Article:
January 6, 2022
If you’re here from What Is a CPU? Part One, welcome! If you’re not, we learned in Part One that a CPU is like the calculator for your computer, handling all instructions it receives from hardware and software running on the computer. It figures out how to translate information from your input device, so it will appear correctly and quickly on your output device. Last time, we used the example of typing a letter on our keyboard and how that letter appears on our monitor. How does it work when we’re trying to open an app?
When you’re ready to open a program, the operating system (OS) gets involved, finding that program in the storage files, loading it into the main memory (RAM), and instructing the CPU to start executing the program. If you need to open another program after this or at the same time, your OS and RAM make this possible.
Your operating system decides the best way to assign instructions to the CPU and when to have the CPU switch between all these processes since the CPU can only calculate one instruction at a time. This can sound quite surprising as opening programs, loading links, typing, editing, surfing the web, watching videos, and any other task you’re doing seems to happen instantaneously. So, what’s really going on?
The lightning-fast calculator that is your CPU actually has a brain of its own…well, it can have up to 64 brains! Most computers available for consumers usually have two to eight cores. (Supercomputers can have millions of cores!) CPU cores are the pathways made up of billions of microscopic transistors within a processor that help to make it work, receiving instructions, and performing calculations or operations to satisfy those instructions.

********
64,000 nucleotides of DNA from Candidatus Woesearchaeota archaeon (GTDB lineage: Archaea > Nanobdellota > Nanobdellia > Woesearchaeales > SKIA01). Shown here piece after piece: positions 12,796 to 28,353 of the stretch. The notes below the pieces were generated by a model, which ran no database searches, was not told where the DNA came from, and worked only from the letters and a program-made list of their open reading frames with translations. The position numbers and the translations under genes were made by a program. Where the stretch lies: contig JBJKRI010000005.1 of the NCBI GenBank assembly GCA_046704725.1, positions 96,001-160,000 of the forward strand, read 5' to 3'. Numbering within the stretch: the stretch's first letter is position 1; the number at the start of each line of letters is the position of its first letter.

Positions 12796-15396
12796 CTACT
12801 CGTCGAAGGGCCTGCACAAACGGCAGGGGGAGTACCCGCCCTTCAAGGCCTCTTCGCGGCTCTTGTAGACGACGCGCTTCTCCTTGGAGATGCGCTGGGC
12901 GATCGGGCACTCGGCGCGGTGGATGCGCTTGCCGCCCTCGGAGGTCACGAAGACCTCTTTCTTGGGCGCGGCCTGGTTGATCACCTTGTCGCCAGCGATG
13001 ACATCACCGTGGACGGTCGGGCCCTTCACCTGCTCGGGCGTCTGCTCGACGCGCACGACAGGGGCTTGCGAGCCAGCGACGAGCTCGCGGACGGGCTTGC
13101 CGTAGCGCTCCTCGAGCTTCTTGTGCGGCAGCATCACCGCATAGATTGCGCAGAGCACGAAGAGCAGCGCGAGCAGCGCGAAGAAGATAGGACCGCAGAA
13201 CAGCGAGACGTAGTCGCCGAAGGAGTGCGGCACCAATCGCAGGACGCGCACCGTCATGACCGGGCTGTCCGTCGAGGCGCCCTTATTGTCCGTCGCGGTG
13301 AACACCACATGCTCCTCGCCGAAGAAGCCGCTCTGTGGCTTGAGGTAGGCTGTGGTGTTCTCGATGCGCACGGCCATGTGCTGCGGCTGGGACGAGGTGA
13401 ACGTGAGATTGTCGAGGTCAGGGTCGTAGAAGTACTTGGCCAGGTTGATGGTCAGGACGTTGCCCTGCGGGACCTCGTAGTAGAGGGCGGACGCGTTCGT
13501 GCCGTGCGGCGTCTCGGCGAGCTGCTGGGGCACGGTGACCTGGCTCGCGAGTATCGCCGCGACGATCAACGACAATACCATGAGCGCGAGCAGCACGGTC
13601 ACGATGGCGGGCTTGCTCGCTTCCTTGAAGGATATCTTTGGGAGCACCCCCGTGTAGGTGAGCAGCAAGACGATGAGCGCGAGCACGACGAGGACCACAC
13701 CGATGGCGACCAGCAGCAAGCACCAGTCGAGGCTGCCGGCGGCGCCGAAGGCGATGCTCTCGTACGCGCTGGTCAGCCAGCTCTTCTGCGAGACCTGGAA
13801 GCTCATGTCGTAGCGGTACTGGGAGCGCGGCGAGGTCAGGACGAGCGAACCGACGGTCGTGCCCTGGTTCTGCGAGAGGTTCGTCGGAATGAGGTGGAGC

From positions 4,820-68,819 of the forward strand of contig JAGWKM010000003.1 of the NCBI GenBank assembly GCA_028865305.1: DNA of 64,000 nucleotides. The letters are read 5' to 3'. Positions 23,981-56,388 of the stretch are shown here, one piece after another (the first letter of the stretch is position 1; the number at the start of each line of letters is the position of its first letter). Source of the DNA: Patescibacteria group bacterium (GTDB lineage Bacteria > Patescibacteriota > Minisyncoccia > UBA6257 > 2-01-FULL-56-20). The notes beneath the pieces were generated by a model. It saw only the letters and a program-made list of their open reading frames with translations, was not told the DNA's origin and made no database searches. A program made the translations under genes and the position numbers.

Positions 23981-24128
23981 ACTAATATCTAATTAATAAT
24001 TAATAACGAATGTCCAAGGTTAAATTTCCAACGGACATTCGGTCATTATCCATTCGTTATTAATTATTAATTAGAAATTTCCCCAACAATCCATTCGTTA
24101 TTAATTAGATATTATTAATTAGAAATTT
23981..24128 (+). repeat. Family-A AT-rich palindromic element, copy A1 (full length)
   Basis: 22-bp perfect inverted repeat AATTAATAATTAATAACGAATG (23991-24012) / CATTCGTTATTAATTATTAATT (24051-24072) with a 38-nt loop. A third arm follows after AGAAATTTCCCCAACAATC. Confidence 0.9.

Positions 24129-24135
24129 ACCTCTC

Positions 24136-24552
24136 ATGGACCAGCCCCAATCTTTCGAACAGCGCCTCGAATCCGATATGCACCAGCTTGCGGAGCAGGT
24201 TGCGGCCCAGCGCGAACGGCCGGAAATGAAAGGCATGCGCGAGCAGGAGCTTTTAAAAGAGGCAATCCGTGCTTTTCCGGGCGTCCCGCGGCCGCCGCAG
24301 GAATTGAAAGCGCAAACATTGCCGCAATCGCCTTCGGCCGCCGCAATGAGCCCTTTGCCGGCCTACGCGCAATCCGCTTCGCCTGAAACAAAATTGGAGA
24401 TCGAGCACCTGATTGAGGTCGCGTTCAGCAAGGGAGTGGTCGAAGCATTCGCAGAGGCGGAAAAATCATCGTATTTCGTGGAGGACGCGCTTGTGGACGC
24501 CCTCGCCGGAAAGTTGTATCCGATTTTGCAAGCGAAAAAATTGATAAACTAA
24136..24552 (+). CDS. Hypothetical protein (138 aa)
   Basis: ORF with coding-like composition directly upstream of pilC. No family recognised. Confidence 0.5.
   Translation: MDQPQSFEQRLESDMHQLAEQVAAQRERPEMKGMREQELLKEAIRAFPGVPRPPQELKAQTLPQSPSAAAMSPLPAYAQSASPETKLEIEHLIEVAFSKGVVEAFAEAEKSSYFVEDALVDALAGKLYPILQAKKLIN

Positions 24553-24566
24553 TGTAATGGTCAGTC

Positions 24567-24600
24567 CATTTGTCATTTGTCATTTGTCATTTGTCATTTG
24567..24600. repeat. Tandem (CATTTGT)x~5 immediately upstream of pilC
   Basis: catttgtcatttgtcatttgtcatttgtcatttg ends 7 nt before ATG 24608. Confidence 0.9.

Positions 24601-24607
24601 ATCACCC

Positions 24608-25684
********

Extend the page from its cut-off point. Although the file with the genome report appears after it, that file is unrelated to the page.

Typically, we want a computer that’s going to react quickly to the instructions we are sending from our input devices. To run and launch the apps you use, a CPU is going to need more than core or "brain” because we are usually multitasking between apps on our phones and computers. Therefore, your computer’s OS can assign a core to its own task or split up tasks across cores, allowing the CPU to calculate multiple things one at a time in different cores to keep your computer running smoothly.
Some devices have two [dual-core], four [quad-core], six [hexa-core], eight [octa-core], or more cores within a CPU package. The more cores you have, the easier it is to work on more tasks at once.
So, if you’re using your computer for the basics like word processing, emailing, internet searching, playing music, and the like, a dual-core processor would suffice.
As you start to use apps or play video games, you’ll need a bit more power from your CPU: video editing, audio editing, 3D rendering, processer-intensive games, graphic design, and so on, can require more processing power, a bit more RAM, and a dedicated graphics card.
Finally, how do you find out which processor you have in your computer?
On a Windows 10 device, click the Start icon, open your Settings, then click System. Scroll down and then click About to see Device specifications.
Under Device specifications, you might see “Intel® Core™ i5…2.4Ghz” or something along those lines.
On a MacOS device, click the Apple logo then About this Mac.
For “Processor,” you may see “3.5 GHz Dual-Core Intel Core i7” or something along those lines.
This information gives you the model of your processor. With this information, you can learn more about your specific CPU and its capabilities, compare it to other CPU models, or even research upgrade options. Learning more about the parts of your computer can help you use it to its greatest potential.
To learn more about the CPU, check out my What Is…? Tech Series: CPU video on YouTube!
You can also revisit other blogs in my What Is…? Tech Series here.
Consumer Tech Specialist
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